Why is the CBA share price sinking on Wednesday?

What's going on with this banking giant's shares today?

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The Commonwealth Bank of Australia (ASX: CBA) share price is having a tough time on Wednesday.

In morning trade, the banking giant's shares are down 2.5% to $114.10.

Why is the CBA share price sinking today?

Don't worry, today's weakness is not because of a bad update or a broker downgrade.

In fact, today's decline could be classed as good news for investors.

That's because the company's shares are falling on Wednesday after trading ex-dividend for its upcoming interim dividend.

When a share goes ex-dividend, it means the rights to the forthcoming payout are now settled.

Basically, anybody that buys shares today will not receive the bank's dividend when it is paid next month. Instead, it will go to the seller of its shares even though they don't own them on the payment date.

In light of this, a share will usually drop in line with the value of the dividend to reflect this. After all, a dividend is part of a company's valuation and you wouldn't want to pay for something you won't receive.

The CBA dividend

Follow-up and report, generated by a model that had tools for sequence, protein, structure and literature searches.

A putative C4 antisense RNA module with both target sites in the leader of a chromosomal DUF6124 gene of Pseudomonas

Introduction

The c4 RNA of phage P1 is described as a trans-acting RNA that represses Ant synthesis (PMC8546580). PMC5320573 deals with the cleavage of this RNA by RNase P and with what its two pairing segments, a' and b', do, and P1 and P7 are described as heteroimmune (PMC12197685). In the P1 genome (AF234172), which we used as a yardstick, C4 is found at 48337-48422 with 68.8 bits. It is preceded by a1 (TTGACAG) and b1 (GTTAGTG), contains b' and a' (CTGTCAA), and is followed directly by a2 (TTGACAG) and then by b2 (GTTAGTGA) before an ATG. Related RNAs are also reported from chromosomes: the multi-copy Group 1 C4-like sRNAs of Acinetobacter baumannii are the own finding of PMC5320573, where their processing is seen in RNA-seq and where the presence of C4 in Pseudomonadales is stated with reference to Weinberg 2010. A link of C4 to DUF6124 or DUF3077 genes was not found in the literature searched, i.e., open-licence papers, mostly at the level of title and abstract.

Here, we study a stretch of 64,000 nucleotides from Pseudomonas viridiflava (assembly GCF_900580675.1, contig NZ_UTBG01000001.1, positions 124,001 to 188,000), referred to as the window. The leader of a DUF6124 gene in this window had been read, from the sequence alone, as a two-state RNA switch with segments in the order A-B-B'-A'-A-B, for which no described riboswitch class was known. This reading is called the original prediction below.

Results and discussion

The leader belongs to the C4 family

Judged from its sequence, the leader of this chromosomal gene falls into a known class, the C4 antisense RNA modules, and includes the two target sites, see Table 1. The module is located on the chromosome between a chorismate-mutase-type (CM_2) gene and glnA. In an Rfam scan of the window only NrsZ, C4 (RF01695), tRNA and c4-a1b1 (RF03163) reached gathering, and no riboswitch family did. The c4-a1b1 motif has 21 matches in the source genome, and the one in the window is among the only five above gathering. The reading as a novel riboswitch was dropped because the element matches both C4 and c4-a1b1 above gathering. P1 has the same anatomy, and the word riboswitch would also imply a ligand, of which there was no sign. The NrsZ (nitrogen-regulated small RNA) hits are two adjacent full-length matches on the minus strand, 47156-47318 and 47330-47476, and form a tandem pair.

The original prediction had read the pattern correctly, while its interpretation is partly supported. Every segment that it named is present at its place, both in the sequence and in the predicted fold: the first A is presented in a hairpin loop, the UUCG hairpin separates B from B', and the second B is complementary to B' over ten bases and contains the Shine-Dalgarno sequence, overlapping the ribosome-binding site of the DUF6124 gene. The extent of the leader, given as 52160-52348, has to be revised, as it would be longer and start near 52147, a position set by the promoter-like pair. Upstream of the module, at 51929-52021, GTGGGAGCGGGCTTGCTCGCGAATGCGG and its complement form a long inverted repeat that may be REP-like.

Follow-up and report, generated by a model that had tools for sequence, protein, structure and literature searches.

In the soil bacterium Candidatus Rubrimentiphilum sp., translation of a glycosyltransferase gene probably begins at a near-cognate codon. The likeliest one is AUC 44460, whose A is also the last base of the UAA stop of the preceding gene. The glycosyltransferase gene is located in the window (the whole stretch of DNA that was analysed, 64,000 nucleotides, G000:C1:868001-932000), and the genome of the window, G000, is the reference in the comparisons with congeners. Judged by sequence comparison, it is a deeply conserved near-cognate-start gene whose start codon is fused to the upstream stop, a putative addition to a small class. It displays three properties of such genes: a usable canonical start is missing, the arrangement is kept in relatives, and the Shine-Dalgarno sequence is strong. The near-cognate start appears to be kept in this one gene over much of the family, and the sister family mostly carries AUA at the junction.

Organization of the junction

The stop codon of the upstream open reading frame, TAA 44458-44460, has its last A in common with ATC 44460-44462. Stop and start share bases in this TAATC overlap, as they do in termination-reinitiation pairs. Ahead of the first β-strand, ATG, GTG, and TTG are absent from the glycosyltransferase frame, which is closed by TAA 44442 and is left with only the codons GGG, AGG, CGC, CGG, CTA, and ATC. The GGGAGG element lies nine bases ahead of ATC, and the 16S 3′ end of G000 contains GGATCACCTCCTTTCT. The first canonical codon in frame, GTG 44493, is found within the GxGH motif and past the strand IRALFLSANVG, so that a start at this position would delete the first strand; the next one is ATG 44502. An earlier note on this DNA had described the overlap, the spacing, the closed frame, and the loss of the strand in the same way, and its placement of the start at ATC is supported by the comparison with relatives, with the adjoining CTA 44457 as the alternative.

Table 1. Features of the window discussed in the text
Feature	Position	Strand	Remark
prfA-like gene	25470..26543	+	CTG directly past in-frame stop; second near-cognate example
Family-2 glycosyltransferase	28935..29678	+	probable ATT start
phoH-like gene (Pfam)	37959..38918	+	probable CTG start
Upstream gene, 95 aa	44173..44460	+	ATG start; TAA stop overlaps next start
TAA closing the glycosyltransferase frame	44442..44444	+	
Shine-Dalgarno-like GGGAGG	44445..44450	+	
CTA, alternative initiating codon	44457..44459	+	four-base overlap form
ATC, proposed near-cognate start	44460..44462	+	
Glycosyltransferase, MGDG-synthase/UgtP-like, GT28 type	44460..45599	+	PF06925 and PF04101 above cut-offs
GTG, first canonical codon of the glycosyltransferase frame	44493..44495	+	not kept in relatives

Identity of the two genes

Last week, CBA released its half-year results and reported a 0.2% lift in operating income to $13,649 million and a 3% decline in cash net profit after tax to $5,019 million.

Despite this earnings decline, the CBA board elected to increase its interim dividend to a fully franked $2.15 per share. This was a 2.4% increase on last year's dividend and meant a payout ratio of 72% (from 68% a year earlier).

Eligible shareholders can now look forward to receiving this payout next month on Thursday 28 March.

What's next?

According to a note out of Goldman Sachs, its analysts expect a fully franked final dividend of $2.40 per share in August. This will bring its FY 2024 dividend to $4.55 per share.

Motley Fool contributor James Mickleboro has no position in any of the stocks mentioned. The Motley Fool Australia's parent company Motley Fool Holdings Inc. has positions in and has recommended Goldman Sachs Group. The Motley Fool Australia has no position in any of the stocks mentioned. The Motley Fool has a disclosure policy. This article contains general investment advice only (under AFSL 400691). Authorised by Scott Phillips.

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